Pectus excavatum is a
deformity of the chest wall that causes several ribs and the breastbone
(sternum) to grow in an inward direction.
Usually, the ribs and sternum go outward at the front of the chest. With pectus
excavatum, the sternum goes inward to form a depression in the chest. This gives the
chest a concave (caved-in) appearance, which is why the condition is also called funnel
chest or sunken chest. Sometimes, the lower ribs might flare out.
What Causes Pectus Excavatum?
Doctors don't know exactly what causes pectus excavatum (PEK-tus eks-kuh-VAY-tum).
In some cases, it runs in families.
Kids who have it also may have another health condition, such as:
a rare birth defect marked by missing or underdeveloped muscles on one side of the
body, especially noticeable in the major chest muscle
rickets: a disorder caused by a lack of vitamin
D, calcium, or
phosphate that leads to softening and weakening of the bones
a disorder in which the spine curves incorrectly
It's not clear how these disorders are related to pectus excavatum.
What Are the Signs & Symptoms of Pectus Excavatum?
The main sign of pectus excavatum is a chest that looks sunken in. Even though
kids who have pectus excavatum are born with it, it might not be noticed in the first
few years of life. Many cases are found in the early teenage years.
Mild cases might be barely noticeable. But severe pectus excavatum can cause a
deep hollow in the chest that can put pressure on the lungs and heart, causing:
problems tolerating exercise
limitations with some kinds of physical activities
a rapid heartbeat or heart palpitations
frequent respiratory infections
coughing or wheezing
The condition typically gets worse as kids grow, and affects boys more often than
girls. When a child is done growing, the pectus should not get any better or worse.
How Is Pectus Excavatum Diagnosed?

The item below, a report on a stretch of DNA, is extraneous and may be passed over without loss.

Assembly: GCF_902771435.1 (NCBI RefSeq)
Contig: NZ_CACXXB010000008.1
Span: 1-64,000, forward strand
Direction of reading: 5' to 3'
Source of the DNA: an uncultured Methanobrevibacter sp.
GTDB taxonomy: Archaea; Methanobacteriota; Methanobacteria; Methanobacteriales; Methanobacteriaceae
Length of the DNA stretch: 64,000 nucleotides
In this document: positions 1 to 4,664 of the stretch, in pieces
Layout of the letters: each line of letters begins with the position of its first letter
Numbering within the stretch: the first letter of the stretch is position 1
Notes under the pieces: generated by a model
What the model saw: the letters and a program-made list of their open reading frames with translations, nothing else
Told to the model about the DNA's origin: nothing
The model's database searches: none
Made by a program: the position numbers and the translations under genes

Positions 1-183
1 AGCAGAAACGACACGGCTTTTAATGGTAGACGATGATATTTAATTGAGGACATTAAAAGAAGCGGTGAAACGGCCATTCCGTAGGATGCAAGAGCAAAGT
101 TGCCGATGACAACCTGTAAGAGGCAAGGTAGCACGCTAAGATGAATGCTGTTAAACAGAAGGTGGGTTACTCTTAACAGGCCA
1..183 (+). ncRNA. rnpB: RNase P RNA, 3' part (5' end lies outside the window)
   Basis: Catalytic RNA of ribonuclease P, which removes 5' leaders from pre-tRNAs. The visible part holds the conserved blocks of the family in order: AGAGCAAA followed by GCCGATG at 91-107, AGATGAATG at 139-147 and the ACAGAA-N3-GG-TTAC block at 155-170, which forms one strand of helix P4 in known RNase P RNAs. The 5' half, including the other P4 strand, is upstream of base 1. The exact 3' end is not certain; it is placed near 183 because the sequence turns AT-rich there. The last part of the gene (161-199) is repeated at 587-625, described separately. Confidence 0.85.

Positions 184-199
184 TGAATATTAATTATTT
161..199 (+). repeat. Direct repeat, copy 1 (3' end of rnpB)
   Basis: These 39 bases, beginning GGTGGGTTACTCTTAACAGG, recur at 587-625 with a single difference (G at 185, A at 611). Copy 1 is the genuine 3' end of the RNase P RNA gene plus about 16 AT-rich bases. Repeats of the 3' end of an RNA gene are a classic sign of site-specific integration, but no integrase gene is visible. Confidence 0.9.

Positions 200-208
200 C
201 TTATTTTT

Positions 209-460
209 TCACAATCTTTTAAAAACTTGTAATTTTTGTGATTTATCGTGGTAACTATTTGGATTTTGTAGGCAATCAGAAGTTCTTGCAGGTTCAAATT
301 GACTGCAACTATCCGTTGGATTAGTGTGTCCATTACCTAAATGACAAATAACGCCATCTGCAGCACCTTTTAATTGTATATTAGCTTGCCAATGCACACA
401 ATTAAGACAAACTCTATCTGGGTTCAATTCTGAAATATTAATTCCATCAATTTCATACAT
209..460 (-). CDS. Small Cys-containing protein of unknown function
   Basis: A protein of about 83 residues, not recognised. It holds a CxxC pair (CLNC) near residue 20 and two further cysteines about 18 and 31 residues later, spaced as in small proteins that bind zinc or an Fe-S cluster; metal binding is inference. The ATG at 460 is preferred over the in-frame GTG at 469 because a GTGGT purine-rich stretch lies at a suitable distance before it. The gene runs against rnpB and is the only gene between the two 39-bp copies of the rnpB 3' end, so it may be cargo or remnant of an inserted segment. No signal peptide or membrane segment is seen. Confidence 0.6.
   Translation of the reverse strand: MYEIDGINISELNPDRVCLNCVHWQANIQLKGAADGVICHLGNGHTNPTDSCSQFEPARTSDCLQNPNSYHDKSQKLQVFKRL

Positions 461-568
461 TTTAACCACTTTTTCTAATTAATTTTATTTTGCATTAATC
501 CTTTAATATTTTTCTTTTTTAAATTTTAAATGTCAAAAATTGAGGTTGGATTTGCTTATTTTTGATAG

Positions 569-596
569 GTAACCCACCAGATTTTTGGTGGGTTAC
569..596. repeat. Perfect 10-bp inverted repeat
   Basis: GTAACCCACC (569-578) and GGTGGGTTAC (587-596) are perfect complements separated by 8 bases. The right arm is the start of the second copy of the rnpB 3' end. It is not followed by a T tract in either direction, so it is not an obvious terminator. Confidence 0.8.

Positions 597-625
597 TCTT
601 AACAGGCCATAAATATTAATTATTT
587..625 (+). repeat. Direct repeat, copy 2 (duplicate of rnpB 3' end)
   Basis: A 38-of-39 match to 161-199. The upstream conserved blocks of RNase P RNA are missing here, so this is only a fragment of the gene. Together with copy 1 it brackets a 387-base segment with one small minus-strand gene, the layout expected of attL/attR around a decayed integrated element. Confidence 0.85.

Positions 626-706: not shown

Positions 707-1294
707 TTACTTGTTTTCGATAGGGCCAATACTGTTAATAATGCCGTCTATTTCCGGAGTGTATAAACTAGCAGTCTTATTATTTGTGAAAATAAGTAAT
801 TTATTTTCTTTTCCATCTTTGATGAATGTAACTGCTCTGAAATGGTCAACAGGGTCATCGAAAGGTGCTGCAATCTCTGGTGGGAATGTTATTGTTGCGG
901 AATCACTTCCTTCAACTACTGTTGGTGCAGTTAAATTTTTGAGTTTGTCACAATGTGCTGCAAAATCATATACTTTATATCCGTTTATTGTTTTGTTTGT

Health care providers diagnose pectus excavatum based on a physical exam and a
child's medical history. If needed, they might also order tests such as:
In the Ravitch
procedure, a surgeon removes abnormal cartilage and ribs, fractures the
sternum, and places a support system in the chest to hold it in the proper position.
As the sternum and ribs heal, the chest and ribs stay in the flat, more normal position.
This surgery is typically used for patients 14 to 21 years old.
procedure is a more recent, less invasive technique. Using small incisions,
the surgeon inserts a curved metal bar to push out the sternum and ribs, helping reshape
them. A stabilizer bar is added to keep it in place. The chest is permanently reshaped
in 3 years and both bars are surgically removed. The Nuss procedure can be used with
patients age 8 and older.
Doctors also might recommend physical
therapy and exercises to strengthen the chest muscles improve posture.
Mild pectus excavatum in young patients often can be treated at home with a vacuum bell device.
In this nonsurgical approach, the bell device is placed on the chest. It's connected
to a pump that sucks the air out of the device, creating a vacuum that pulls
the chest forward. Over time, the chest wall stays forward on its own.
Mild pectus excavatum won't need treatment if it doesn't affect how the lungs or
heart work. But when the condition is very noticeable or causes health problems, a
can suffer. It also can make exercising or playing sports difficult. In those cases,
treatment can improve a child's physical and emotional well-being.
Most kids and teens who have surgery do very well and are happy with the results.